[JURIST] Judge Merrick Garland of the US Court of Appeals for the DC Circuit [official website] on Friday reversed [opinion, PDF] a lower court ruling which allowed the CIA [official website] to refuse to confirm or deny whether it has records pertaining to the use of unmanned drones to kill suspected terrorists. The case arises from a Freedom of Information Act (FOIA) [text] claim filed by the American Civil Liberties Union (ACLU) [advocacy website] requesting records on the CIA's drone program regarding the legal justification for using drones [AP report] and information concerning civilian casualties. The CIA gave a "Glomar response," which allows an agency to refuse to confirm or deny the existence of records following a FOIA request in certain limited circumstances, stating that disclosure of the information could damage national security. However, when there has been "official acknowledgment" of the information in question, then the agency has waived its right to claim any exemption. Following the district court's holding that there has not been "official acknowledgement" of the drone program, the ACLU appealed resulting in Friday's ruling. Noting that US President Barack Obama and CIA Director John Brennan have both acknowledged that the US has utilized drone strikes against suspected terrorists, Judge Garland stated that "it is neither logical nor plausible for the CIA to maintain that it would reveal anything not already in the public domain" in responding to the FOIA request.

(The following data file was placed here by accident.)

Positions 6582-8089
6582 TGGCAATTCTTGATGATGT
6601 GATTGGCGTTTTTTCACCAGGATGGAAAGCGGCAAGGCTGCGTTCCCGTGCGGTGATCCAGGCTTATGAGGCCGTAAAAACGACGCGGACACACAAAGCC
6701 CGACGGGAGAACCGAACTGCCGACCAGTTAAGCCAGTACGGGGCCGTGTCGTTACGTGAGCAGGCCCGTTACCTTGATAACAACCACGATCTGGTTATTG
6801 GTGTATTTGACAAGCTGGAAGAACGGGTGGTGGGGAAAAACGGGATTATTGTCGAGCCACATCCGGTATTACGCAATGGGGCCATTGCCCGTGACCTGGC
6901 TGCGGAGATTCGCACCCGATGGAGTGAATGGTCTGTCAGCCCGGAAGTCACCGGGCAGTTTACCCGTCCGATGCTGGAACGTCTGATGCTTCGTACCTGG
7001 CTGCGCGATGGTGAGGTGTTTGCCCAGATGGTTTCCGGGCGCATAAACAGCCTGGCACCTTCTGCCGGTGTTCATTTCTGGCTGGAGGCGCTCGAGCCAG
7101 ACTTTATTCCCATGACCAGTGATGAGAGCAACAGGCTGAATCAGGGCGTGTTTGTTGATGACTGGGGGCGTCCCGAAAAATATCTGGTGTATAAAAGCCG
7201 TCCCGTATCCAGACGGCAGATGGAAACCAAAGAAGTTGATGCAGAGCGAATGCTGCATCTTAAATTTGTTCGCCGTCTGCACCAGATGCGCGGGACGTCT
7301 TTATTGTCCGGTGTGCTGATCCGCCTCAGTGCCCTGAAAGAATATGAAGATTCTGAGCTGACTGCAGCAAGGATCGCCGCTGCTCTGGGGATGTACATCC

The use of drone strikes by the US has come under scrutiny in recent months. Last week, Attorney General Eric Holder wrote a letter [JURIST report] to Senator Rand Paul suggesting that a drone strike on US soil would be legal only in extraordinary circumstances following a lengthy filibuster by the Senator in the confirmation of John Brennan as CIA director. In January, UN Special Rapporteur on human rights and counter-terrorism Ben Emmerson announced that he will begin investigating [JURIST report] the legality of the use of drone strikes. Following a request to allow an independent investigation [JURIST report] into the use of targeted killings last year, Emmerson stated that there is still no consensus among the international community as to the legality of the conduct. Also in January, Pakistan's foreign Affairs Minister condemned US drone attacks [JURIST report] as a violation of Pakistan's sovereignty and international law. In December, the US Department of Justice filed a motion to dismiss [JURIST report] a lawsuit challenging the US government's targeted killing of three US citizens in drone strikes.